Undies: Now in backlash chic!

More cute sexist underwear for teens!

Topics: Broadsheet, Love and Sex,

Thanks to a Broadsheet reader for alerting us to this backlashtastic new fashion for teens. She didn’t want to give her name for fear of losing her summer income, but our reader wrote that she’s “a bit disappointed by the undies I’ve been folding at my job at American Eagle Outfitters (target audience: high school and college students; actual audience: middle schoolers).” The American Eagle online store showcases the items the reader mentioned in her note, including a set of lacy girls underwear with a series of slogans printed on the back, including: “Biggest Flirt,” “Best Dressed,” “Most Popular” and “Most Likely to Succeed.” Then there are the boys boxer shorts, with pictures of cute little pigs in little coats-of-arms all over them. Above the piggy heads is “Male” and, in the banner below them, “Chauvinist.” “I’m wondering whether I’m being too hypersensitive about this,” our reader wrote.

On the one hand, who cares? Dumb underwear, dumb underwear, dumb underwear. As old as time itself. And none of it as bad as those Abercrombie & Fitch T-shirts that read “Who needs a brain when you have these?” or “I had a nightmare I was a brunette.”

But just because they’re not that bad doesn’t mean they’re good. It’s this kind of tiny, dumb stuff — the “Most Likely to Succeed” printed on your underwear — that gets into your head, that sends the little subtle messages that you feel stupid for taking seriously. People write us all the time about how these little things don’t matter, and why we should have a sense of humor about them, but I think they do matter, and that the threat that if we take them seriously we are humorless and shrill is exactly why they matter.

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What does it even mean, “Most Likely to Succeed” on your underwear? Does it mean you are most likely to succeed in bed? Does it mean you are most likely to succeed at getting a guy off? Does it mean that the idea of “Most Likely to Succeed” in its traditional sense — as a measure of achievement and potential — is a hilarious joke that’s worth mocking on your lacy underwear with sexy black bows on the side that you buy and wear proudly when you are 10, or 12, or 15? Is it another sign of the attitude that Tracy Clark-Flory wrote about last week, that young women now face pressure to succeed professionally, academically and financially, but to do so while looking hot, thin and scantily clad?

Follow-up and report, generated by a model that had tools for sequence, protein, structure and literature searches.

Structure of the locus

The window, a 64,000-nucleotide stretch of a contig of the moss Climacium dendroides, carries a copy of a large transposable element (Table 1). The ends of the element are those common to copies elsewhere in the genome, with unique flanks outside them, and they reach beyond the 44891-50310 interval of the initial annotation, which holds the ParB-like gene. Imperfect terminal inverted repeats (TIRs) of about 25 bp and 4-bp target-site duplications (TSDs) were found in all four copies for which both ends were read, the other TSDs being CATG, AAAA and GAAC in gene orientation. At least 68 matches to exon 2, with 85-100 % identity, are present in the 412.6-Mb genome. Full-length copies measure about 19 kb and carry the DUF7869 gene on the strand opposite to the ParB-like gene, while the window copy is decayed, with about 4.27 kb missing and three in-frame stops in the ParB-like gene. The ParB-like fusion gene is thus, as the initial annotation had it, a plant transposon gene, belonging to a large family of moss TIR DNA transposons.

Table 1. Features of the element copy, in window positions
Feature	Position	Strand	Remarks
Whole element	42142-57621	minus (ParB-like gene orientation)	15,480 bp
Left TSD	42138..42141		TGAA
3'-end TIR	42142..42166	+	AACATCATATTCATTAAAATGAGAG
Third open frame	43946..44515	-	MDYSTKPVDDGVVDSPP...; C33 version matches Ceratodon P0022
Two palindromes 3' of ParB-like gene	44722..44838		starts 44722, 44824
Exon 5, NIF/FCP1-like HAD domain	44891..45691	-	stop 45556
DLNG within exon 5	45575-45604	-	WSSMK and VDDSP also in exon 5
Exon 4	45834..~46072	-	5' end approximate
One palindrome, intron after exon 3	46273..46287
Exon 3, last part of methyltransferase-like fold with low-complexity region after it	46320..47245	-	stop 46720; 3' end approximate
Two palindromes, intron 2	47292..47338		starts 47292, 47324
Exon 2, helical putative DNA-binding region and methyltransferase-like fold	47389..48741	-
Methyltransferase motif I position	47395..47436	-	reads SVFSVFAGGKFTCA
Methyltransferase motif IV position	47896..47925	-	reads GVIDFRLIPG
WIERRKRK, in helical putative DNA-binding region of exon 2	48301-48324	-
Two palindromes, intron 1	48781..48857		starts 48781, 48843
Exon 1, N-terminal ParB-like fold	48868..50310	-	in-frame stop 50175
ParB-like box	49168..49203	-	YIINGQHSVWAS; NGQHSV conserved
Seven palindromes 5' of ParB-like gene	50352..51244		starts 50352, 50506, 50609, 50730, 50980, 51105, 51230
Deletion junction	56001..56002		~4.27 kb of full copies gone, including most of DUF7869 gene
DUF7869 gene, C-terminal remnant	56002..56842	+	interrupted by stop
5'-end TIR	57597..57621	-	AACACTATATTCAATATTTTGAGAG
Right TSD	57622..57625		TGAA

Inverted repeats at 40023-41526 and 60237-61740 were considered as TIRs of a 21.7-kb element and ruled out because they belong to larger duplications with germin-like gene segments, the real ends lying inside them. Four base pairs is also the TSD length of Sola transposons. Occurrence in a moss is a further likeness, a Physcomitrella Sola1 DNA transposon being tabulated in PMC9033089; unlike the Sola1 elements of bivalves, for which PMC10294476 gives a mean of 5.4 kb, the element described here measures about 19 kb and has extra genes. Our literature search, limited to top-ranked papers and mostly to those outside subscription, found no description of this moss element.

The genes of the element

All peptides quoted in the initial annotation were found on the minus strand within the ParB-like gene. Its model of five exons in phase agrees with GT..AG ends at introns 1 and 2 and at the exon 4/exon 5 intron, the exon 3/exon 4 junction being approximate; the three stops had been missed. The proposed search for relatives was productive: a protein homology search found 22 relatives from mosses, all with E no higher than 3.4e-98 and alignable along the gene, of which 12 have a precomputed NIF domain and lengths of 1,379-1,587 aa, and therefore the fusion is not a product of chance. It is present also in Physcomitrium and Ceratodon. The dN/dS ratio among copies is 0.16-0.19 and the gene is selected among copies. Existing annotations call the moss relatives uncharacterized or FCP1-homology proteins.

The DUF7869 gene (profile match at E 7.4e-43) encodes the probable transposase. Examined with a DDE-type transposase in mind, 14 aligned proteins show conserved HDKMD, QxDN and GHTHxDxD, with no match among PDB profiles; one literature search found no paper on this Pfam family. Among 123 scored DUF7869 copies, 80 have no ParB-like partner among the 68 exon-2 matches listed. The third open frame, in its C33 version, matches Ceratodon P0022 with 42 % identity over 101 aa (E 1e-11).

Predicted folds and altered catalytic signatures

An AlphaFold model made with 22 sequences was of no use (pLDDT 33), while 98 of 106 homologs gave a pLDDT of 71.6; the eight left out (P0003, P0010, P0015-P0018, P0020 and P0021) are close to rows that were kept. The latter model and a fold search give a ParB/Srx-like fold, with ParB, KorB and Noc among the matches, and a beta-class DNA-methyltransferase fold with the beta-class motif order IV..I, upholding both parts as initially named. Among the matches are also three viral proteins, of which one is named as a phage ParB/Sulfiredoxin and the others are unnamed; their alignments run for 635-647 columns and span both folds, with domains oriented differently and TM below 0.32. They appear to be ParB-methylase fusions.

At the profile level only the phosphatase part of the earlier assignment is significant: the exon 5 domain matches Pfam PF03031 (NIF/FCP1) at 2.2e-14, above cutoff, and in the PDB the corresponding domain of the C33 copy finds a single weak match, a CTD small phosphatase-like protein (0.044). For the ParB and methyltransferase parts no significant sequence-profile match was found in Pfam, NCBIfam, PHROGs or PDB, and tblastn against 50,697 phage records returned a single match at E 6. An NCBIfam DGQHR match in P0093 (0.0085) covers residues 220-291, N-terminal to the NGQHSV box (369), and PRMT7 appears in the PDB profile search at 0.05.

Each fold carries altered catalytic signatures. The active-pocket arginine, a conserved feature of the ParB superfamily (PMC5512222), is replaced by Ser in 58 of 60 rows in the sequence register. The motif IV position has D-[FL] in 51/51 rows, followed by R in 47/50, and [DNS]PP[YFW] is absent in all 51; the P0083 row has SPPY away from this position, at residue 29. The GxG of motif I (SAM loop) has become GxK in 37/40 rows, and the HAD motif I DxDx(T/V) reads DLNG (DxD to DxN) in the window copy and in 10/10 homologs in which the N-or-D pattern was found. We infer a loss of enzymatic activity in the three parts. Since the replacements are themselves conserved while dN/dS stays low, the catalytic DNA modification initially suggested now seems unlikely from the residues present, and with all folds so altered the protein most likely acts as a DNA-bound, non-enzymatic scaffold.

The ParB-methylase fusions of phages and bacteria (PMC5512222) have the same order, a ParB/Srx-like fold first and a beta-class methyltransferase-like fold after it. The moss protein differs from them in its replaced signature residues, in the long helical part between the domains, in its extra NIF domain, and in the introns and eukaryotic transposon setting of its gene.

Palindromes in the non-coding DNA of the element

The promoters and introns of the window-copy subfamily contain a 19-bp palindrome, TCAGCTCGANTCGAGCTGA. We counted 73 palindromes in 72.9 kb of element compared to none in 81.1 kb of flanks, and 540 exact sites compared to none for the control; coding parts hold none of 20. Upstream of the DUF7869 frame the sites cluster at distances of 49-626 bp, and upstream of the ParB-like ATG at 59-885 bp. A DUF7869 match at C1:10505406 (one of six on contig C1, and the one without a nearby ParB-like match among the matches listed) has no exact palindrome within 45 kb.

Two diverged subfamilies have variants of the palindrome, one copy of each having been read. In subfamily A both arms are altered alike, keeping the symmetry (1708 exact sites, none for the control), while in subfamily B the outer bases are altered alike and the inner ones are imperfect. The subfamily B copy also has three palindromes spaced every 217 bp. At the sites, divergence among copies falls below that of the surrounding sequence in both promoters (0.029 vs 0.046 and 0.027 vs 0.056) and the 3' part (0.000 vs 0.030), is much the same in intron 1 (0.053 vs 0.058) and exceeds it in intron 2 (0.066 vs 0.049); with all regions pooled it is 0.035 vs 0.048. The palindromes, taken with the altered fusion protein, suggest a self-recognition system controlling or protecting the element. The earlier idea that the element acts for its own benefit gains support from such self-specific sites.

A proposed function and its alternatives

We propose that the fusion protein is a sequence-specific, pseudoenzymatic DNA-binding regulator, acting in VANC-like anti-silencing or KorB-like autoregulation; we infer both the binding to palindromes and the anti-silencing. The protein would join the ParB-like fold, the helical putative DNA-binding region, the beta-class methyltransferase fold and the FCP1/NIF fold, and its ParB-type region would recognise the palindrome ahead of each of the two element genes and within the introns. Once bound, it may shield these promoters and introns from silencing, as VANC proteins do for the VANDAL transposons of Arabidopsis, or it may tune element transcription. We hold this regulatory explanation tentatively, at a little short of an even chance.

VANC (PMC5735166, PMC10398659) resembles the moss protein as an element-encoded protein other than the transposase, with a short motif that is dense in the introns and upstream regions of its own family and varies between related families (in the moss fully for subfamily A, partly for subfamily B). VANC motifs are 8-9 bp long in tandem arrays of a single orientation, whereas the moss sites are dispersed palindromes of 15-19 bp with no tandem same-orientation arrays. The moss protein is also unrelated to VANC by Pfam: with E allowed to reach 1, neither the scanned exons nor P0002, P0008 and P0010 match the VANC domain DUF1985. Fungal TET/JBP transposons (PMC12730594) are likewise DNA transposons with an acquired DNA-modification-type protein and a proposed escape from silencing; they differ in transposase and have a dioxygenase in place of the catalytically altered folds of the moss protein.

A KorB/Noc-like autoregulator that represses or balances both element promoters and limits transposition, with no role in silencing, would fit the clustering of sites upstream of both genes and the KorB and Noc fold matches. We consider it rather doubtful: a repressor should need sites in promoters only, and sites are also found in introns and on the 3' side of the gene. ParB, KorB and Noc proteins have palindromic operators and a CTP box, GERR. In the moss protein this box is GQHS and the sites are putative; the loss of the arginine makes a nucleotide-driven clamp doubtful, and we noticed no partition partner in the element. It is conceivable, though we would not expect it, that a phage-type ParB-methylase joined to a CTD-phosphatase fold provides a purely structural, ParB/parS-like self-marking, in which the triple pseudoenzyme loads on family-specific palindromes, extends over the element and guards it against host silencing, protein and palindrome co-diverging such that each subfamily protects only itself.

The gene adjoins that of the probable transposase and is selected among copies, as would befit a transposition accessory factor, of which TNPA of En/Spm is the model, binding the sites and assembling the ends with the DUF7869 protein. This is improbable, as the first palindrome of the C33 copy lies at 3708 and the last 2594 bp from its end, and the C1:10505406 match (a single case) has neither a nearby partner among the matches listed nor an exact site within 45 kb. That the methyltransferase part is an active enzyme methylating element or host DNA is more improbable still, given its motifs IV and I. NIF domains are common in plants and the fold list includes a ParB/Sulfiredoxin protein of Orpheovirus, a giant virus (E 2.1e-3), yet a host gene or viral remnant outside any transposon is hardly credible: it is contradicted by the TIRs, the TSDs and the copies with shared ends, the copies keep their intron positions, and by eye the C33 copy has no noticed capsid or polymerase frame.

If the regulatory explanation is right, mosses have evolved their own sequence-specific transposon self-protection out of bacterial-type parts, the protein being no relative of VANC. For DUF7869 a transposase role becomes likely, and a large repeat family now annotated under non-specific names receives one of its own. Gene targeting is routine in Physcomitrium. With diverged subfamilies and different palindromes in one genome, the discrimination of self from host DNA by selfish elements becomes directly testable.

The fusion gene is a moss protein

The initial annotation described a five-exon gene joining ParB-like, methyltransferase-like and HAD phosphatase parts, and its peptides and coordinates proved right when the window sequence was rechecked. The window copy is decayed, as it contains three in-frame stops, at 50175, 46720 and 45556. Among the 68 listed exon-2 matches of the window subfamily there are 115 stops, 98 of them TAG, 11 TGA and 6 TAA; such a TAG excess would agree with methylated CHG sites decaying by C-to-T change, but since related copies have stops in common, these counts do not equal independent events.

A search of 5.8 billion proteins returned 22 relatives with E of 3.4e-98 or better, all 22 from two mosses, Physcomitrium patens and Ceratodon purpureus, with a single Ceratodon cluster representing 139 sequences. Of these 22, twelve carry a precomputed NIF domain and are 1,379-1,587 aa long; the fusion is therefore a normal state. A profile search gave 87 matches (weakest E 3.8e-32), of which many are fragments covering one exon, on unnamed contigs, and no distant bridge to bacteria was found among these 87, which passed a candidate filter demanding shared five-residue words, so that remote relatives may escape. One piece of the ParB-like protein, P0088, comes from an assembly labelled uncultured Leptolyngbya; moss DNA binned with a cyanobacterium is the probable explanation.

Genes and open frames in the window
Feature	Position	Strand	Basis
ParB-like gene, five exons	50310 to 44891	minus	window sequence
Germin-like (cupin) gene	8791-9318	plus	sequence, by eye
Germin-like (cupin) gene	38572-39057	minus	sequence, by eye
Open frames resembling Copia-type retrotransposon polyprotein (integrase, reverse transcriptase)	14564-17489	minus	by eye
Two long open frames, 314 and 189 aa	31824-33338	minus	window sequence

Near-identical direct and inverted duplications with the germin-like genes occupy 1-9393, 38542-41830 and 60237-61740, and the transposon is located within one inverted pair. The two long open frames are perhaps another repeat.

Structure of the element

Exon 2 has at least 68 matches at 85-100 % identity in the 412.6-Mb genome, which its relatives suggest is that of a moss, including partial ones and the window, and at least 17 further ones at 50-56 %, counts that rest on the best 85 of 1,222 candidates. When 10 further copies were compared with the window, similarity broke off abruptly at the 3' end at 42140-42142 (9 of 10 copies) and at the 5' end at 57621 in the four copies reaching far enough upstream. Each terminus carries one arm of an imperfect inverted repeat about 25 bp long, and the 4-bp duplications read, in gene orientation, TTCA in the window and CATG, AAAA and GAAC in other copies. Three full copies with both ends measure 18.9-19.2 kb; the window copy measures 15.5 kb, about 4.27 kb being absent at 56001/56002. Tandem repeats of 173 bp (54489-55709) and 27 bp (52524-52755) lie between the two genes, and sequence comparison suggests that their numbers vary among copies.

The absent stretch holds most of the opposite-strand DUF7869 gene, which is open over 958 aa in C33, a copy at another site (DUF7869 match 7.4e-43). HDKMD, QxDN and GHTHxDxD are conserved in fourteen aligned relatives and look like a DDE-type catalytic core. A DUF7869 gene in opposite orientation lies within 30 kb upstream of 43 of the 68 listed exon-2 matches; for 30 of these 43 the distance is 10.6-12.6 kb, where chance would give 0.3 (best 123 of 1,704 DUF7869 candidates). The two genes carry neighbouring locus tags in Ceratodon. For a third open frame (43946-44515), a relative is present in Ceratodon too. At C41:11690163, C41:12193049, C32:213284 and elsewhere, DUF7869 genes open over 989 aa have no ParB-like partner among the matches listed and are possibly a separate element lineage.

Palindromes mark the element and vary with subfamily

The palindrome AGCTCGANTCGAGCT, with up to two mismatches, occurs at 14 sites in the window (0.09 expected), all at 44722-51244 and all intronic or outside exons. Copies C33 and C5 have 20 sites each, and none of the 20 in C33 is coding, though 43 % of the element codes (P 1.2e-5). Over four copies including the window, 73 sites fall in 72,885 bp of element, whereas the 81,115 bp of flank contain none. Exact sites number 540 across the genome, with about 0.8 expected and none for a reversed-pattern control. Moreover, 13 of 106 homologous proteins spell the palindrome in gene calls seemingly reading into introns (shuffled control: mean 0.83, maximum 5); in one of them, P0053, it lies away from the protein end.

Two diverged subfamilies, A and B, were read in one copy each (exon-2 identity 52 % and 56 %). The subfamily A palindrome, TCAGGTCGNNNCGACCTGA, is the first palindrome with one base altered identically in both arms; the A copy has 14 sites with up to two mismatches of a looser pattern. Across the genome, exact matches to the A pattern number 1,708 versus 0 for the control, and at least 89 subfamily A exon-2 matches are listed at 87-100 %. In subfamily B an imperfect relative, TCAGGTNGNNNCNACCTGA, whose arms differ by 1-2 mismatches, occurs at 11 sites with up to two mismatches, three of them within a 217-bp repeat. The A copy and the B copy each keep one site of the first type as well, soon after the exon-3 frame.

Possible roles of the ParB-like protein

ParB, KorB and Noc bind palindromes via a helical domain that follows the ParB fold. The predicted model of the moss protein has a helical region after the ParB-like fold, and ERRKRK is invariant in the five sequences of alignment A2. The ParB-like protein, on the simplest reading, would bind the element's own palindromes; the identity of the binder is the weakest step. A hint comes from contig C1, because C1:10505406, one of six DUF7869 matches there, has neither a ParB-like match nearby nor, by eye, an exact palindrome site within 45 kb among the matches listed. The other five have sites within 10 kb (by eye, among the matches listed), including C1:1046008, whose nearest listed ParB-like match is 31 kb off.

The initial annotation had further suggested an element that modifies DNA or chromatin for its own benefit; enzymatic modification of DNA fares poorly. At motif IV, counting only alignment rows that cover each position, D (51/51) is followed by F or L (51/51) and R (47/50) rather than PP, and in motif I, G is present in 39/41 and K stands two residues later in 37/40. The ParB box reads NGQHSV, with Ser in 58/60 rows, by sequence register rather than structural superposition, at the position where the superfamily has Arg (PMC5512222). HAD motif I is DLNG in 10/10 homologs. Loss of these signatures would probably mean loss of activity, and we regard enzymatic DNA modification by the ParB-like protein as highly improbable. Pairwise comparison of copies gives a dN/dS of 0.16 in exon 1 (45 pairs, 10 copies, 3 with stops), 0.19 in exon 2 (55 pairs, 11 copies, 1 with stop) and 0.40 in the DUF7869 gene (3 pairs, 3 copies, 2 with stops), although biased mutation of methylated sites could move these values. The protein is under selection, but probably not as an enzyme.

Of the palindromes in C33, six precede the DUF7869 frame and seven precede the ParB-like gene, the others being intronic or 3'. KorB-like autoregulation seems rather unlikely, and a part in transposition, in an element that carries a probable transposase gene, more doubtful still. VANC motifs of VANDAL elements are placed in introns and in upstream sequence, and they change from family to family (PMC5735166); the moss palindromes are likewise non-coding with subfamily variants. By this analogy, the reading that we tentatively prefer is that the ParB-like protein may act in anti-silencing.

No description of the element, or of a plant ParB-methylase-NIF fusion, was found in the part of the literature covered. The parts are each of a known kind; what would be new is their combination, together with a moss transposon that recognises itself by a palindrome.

And what does it mean to market a cute pair of “Male Chauvinist” pig boxers to boys? Boys who, if we are doing anything right at all, are being raised with a modern sense of gender parity that should be light-years away from antique male chauvinism? Think about it: If you are a 12-year-old boy, part of what we hope and assume you are learning today is that your sisters are your equals in the family and will someday be your equals in the workplace, and that your girlfriend may someday earn just as much as or more than you, and that she may someday be an elected leader, and that you will share with her the responsibilities for raising a family and keeping a house. This may sound like a pipe dream, but it shouldn’t. I am talking about what 12-year-old boys should understand in 2006, after 40 years of social, economic, political and professional progress for women. And so somebody wants to sell these boys “Male Chauvinist” pig boxers, to remind them — and their girlfriends, or their mothers, or their sisters, or whoever else is going to catch a glimpse of their undergarments — that retro notions of male superiority will not go gently.

Rebecca Traister
Rebecca Traister writes for Salon. She is the author of "Big Girls Don't Cry: The Election that Changed Everything for American Women" (Free Press). Follow @rtraister on Twitter.

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